Why is this dumb thread still be posted in?
The Ukrainians have their own language because they have their own history and their own national interests and their own need for a vehicle to express these things and many other things that are distinct on some level from the same aspects of surrounding cultures. There are phonetic, syntactic, lexical, and other differences between Ukrainian and standard Russian, but as a disinterested linguist the only thing I can go by is mutual intelligibility. I would not be surprised if the newer generation of Ukrainians, or at least some of them, professed to not be able to understand Russian. After all, they would not have had it shoved down their throats as their parents and grandparents did in the Soviet times. Why is this such a problem?
The idea that they should be considered the same language may have some traction, but it also may be subordinated to political or other social concerns. If a person from Montenegro can speak "Montenegrin" (but only since October 2007), and an Afghan and a Persian can embrace their different language standards (Dari/Afghan Persian for the Afghan, and Farsi for the Persian), then surely a Russian chauvinist can let Ukrainians have their own language even if he thinks it's just funny sounding Russian. I wouldn't even deny the OP the right to continue to think that, of course -- in fact, that's what it sounds like to me (sorry, Ukrainians). The difference between Vladik and me, however, is that I recognize that this is because I learned Russian before being exposed to Ukrainian, so of course I'd think that. That doesn't really make Ukrainian some kind of perverted Russian, though. If anything, that's a testament to the political and social domination of the Russian people within that sphere of influence and how it impacts language learning (there are probably many times more Russian language and Russian history programs in American universities than there are Ukrainian ones, and those Russian programs are likely to treat Ukrainians and Belarusians as an afterthought). So to decry political influences in language taxonomies rings a little hollow when you, a proud Russian speaker, benefit from those same political influences. Did you ever stop to think how it would be if the capital of the empire had stayed at Kiev and the Muscovites were the ones speaking all that funny talk?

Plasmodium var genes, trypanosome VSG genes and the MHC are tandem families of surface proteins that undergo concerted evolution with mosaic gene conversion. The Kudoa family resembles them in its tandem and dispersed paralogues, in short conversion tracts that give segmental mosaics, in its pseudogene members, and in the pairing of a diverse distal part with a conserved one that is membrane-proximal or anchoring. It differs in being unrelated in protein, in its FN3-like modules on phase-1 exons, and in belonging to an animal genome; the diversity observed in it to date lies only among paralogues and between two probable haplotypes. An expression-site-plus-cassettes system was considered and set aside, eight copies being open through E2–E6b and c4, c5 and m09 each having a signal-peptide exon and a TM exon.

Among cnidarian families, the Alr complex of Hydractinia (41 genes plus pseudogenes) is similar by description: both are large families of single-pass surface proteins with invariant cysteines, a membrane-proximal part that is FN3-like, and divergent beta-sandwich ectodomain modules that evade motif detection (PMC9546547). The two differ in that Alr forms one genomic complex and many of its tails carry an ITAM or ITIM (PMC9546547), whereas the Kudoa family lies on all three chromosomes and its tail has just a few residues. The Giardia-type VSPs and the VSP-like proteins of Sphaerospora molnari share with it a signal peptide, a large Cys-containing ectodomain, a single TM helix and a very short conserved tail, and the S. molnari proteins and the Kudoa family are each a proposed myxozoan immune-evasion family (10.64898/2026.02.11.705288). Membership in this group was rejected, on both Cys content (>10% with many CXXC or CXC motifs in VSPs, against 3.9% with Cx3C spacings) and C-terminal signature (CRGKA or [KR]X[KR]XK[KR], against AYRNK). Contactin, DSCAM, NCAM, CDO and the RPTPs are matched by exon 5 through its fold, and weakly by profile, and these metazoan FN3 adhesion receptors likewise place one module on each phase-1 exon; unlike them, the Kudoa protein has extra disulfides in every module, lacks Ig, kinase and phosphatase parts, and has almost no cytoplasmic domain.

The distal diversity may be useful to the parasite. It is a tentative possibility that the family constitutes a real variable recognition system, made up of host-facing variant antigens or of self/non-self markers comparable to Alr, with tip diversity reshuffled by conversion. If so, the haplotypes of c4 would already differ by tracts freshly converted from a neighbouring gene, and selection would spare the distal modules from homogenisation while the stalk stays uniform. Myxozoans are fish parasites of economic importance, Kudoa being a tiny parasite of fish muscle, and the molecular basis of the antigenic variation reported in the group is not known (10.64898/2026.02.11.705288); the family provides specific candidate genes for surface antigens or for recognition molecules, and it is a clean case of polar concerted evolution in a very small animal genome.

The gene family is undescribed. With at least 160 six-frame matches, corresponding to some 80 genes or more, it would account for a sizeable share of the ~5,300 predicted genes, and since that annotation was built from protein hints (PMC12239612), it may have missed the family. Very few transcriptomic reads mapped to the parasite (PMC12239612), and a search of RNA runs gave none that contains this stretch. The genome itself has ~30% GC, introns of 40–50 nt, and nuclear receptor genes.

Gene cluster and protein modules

There is absolutely no advantage of having Ukrainian declared a "Russian dialect", by the way. Even if you had the power to do so, it would do nothing but tick off a bunch of people who have already rejected your cultural and linguistic dominance. The nationalistic feelings that give birth to such distinctions (or, rather, that exploit preexisting distinctions in speech forms) exist before the standardization schemes that create an "official language" in the first place. To say that "x people speak this language" you have to recognize x people as a legitimate socio-cultural unit in the first place, and for most of the world that process is legitimized through having their own language. Or don't you remember the Moldavian/Romanian distinction that your internationalist heroes the Soviets did nothing to discourage. Apparently they, like the Ukrainians, were legitimate enough to be divided into a constituent republic, so what's the problem? Now that they are their own state, they can't name their language whatever they want? That's essentially the position you're putting the Ukrainians in vis-a-vis Russian, Vladik...but something tells me you don't care so much about that parallel situation since it has zero impact on Russian cultural chauvinism, which is what this thread is really about (and almost a textbook example of).